CHARLOTTESVILLE, Va. -- One of the lighter moments of a conference on campus sexual misconduct here at the University of Virginia on Monday followed a serious question from a student, who asked the six presidents on a much-anticipated panel how they were specifically assisting minority and low-income survivors, who are especially vulnerable to assault.
The presidents didn't get a chance to answer -- Association of American Universities President Hunter Rawlings, who moderated the panel, cut in to ask the student whether he had any suggestions.
"Oh, you wanted advice?" the student said, clearly in surprise, as the audience broke into laughter. "I can give you advice!"
He and another half-dozen or so students -- as many as time permitted -- offered up idea after idea after idea, and they weren't shy about expressing gratitude for the opportunity. They were speaking to presidents from campuses that have dealt with some of the most publicly scrutinized sexual assault issues in the country -- Carolyn (Biddy) Martin from Amherst College, for instance, Royce Engstrom of the University of Montana, and Carol Folt from the University of North Carolina at Chapel Hill.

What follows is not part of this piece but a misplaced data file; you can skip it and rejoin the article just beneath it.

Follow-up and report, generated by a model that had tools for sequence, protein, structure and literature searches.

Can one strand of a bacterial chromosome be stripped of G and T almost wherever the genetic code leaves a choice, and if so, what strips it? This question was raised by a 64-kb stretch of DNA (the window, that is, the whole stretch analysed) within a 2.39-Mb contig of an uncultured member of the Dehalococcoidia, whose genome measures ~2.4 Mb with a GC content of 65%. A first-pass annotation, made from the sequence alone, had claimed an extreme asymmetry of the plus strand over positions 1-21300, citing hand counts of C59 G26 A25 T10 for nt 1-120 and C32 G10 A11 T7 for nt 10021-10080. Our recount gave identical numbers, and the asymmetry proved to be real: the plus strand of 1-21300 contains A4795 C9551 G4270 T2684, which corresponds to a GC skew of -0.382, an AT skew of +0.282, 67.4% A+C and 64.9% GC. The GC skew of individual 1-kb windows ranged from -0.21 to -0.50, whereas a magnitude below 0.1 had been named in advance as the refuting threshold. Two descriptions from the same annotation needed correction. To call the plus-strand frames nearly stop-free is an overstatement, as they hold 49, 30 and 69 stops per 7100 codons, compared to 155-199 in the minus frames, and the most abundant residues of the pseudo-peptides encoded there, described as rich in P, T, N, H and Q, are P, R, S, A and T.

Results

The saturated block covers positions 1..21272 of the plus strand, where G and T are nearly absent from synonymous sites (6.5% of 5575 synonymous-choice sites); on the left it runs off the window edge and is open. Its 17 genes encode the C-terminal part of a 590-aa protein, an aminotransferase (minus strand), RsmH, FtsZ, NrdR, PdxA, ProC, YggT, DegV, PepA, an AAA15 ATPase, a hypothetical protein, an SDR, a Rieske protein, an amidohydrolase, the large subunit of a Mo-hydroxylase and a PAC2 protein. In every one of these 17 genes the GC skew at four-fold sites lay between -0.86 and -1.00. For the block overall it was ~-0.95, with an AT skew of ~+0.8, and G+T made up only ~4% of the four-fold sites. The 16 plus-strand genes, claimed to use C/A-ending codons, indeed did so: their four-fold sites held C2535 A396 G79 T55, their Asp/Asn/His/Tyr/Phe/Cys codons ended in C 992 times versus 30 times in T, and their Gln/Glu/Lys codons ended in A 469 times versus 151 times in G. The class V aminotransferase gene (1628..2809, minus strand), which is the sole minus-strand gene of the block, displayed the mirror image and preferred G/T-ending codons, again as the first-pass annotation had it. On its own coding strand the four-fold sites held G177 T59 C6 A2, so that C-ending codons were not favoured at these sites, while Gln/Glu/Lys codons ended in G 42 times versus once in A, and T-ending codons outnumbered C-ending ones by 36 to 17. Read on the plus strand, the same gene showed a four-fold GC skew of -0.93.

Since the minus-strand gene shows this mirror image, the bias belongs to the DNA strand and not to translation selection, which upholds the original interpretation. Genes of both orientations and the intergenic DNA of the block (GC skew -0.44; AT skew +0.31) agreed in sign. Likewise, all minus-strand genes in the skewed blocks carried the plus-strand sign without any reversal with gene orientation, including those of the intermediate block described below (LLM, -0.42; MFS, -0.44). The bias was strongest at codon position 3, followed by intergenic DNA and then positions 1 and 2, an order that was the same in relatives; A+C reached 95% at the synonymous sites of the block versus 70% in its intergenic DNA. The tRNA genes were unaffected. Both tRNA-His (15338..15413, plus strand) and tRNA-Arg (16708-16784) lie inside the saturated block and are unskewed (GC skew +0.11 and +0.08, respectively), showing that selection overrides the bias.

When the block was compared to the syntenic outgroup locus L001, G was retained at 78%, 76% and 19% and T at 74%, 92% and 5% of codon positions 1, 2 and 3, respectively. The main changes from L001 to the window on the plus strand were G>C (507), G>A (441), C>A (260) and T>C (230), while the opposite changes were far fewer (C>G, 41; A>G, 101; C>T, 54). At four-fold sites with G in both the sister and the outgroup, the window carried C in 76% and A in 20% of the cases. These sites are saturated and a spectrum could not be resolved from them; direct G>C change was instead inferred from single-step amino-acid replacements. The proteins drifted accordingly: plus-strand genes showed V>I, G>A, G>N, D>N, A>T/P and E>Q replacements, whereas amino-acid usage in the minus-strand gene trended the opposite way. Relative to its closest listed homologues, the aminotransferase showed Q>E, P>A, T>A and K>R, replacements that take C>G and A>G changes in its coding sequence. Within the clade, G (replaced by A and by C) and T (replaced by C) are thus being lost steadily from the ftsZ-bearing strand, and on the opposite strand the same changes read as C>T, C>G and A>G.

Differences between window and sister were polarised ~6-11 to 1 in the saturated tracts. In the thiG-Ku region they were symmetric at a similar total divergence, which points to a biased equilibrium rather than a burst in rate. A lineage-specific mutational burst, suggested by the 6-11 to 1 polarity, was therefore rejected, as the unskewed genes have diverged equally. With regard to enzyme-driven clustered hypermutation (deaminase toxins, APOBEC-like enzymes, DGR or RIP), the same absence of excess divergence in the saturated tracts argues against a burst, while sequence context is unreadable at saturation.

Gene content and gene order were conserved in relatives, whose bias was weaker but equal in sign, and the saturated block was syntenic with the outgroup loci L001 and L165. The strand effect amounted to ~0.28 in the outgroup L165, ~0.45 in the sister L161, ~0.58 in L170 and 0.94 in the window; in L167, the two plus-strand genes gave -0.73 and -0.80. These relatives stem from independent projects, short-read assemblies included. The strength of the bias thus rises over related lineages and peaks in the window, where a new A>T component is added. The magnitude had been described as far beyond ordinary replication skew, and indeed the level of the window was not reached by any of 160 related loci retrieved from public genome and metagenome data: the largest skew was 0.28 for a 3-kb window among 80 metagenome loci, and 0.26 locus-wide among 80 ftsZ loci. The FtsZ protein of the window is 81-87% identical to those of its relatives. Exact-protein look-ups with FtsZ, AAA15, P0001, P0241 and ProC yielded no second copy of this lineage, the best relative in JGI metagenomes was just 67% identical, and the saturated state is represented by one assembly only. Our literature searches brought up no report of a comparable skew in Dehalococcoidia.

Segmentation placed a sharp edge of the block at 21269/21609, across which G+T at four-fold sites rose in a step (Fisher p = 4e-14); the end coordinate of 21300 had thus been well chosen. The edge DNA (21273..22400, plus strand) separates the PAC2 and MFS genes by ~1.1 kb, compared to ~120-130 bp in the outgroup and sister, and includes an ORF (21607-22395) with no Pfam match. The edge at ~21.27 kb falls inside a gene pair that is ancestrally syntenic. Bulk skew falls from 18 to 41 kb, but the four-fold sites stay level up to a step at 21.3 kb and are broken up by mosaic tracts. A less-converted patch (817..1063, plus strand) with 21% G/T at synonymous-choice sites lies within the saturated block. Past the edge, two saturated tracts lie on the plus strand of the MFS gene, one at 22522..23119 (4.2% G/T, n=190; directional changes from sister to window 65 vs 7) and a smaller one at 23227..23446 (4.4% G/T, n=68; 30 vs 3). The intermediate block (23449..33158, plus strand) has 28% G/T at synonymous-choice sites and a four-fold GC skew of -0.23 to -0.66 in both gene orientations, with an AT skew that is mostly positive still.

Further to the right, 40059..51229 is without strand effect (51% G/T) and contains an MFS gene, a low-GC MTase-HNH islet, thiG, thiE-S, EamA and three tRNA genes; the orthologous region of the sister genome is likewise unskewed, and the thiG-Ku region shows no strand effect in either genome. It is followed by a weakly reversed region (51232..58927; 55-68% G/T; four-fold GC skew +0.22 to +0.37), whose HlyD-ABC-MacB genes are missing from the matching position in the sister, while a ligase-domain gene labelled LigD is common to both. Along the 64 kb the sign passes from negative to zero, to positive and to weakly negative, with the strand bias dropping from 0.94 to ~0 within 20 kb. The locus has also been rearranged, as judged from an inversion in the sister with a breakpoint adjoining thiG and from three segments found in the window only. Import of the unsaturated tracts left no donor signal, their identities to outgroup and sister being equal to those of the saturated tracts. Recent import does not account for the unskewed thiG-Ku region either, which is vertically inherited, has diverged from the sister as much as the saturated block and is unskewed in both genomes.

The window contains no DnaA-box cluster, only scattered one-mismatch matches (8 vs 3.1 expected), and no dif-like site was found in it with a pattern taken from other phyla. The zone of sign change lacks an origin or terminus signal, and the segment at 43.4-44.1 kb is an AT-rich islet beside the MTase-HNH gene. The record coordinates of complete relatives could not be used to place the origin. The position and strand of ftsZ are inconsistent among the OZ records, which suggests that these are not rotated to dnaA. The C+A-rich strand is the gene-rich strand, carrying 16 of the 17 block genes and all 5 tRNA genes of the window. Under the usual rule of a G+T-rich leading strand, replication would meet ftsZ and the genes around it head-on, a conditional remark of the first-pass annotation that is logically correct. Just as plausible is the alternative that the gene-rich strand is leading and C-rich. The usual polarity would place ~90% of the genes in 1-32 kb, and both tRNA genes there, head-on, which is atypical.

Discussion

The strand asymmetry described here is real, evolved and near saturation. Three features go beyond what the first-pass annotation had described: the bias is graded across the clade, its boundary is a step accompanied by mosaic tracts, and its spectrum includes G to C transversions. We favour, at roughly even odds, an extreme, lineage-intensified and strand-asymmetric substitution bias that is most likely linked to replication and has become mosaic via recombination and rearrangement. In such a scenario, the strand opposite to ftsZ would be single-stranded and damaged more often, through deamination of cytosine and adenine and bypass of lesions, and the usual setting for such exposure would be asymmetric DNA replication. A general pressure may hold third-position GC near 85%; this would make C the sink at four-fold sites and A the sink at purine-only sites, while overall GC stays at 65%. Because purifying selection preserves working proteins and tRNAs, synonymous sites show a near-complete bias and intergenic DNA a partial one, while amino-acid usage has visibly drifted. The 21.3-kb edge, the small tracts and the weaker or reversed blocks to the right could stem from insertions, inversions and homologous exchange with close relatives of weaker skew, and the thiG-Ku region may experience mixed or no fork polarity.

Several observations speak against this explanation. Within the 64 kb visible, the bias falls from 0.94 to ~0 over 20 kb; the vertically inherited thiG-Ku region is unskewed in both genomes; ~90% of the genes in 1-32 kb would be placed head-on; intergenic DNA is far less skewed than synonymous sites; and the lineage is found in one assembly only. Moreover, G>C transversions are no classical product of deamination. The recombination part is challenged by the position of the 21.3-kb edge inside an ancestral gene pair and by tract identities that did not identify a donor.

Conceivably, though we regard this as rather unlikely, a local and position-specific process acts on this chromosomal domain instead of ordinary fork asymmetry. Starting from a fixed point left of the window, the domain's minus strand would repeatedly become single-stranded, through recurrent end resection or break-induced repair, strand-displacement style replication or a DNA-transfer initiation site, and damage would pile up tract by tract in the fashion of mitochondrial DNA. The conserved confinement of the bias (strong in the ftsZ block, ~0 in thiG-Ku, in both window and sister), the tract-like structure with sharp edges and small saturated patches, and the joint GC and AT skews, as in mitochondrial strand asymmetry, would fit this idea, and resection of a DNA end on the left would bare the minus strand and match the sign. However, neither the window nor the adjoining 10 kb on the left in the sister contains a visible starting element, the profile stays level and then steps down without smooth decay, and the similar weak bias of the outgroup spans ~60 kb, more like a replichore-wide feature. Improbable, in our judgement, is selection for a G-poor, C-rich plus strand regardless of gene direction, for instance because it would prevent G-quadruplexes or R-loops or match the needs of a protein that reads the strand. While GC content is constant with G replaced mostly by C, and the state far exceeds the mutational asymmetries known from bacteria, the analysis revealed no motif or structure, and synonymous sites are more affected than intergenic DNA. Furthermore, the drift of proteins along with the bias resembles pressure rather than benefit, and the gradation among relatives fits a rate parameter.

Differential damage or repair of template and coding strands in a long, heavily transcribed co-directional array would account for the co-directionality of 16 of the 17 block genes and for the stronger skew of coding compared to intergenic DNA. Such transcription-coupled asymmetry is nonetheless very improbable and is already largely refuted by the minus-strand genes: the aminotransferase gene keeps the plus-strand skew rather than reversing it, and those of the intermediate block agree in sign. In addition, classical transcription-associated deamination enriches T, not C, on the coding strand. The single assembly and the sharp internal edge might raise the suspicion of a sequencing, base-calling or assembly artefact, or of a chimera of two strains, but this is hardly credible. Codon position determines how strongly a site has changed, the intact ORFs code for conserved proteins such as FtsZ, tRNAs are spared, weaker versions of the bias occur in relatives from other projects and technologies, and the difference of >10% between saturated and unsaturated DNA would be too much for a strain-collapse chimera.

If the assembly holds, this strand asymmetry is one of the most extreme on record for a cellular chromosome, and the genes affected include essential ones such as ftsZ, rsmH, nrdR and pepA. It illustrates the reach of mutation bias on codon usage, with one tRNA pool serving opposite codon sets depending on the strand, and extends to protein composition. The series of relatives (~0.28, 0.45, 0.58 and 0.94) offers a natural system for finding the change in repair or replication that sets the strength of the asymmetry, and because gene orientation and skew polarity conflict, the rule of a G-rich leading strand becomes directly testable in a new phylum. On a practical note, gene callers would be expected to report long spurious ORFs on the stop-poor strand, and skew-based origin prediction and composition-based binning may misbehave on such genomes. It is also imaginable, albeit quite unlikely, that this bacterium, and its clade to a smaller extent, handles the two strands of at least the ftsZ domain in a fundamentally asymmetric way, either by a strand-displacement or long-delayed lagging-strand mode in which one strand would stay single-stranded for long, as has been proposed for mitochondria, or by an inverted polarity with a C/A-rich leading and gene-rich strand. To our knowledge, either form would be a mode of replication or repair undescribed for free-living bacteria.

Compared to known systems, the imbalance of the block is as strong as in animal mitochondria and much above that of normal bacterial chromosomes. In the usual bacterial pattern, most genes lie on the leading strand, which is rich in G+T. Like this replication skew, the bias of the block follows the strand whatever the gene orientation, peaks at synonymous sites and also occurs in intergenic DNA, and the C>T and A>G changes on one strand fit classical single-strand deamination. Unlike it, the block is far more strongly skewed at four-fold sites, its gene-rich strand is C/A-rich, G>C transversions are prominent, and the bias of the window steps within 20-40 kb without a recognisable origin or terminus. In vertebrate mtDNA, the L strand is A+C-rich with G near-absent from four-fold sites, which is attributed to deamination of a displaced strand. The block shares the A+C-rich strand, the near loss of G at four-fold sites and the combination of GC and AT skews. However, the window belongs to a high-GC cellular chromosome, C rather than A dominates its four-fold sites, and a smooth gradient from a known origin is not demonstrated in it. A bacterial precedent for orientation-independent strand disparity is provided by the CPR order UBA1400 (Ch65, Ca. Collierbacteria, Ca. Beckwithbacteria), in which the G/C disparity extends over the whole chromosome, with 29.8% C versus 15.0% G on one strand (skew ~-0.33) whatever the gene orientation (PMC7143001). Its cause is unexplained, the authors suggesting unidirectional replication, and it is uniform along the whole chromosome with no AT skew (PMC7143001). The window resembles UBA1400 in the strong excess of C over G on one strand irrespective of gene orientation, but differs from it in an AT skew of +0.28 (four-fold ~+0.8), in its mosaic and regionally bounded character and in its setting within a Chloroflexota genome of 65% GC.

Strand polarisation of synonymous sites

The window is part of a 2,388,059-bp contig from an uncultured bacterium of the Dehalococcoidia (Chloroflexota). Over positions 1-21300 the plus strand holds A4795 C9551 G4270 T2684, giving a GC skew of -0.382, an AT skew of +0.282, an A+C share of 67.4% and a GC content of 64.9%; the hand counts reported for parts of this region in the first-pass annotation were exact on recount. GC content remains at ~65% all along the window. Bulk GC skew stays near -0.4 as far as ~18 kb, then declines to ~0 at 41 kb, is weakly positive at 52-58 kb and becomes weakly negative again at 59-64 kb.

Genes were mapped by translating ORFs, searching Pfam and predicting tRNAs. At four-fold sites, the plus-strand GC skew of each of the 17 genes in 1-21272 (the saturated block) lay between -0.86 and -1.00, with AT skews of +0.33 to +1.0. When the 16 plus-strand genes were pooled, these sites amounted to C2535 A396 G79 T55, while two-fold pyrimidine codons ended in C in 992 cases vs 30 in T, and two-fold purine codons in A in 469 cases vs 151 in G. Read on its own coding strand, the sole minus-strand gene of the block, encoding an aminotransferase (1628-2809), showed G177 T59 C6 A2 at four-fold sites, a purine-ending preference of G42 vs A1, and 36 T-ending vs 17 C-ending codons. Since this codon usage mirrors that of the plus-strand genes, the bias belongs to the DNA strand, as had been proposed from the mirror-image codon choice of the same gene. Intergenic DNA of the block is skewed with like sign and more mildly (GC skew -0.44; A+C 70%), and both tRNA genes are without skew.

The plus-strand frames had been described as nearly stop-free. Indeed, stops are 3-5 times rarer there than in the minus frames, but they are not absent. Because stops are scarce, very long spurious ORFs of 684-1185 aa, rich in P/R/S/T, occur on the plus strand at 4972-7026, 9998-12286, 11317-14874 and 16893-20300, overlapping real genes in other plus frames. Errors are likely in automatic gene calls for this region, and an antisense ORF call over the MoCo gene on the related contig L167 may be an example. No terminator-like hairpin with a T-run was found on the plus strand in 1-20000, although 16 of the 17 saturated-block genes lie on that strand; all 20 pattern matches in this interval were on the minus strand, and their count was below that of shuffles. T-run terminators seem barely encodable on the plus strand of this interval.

One could tell that the students don't often get such a platform.
A few suggestions students made to presidents Monday:
- Increasing bystander intervention training is good, but it's not enough.
- Stop portraying party culture as the cause of assault.
- Be careful about vocabulary and the message you send; e.g., "victims" should be called "survivors."
- Have amnesty policies for intoxicated and undocumented students who fear that reporting a crime will get them in trouble.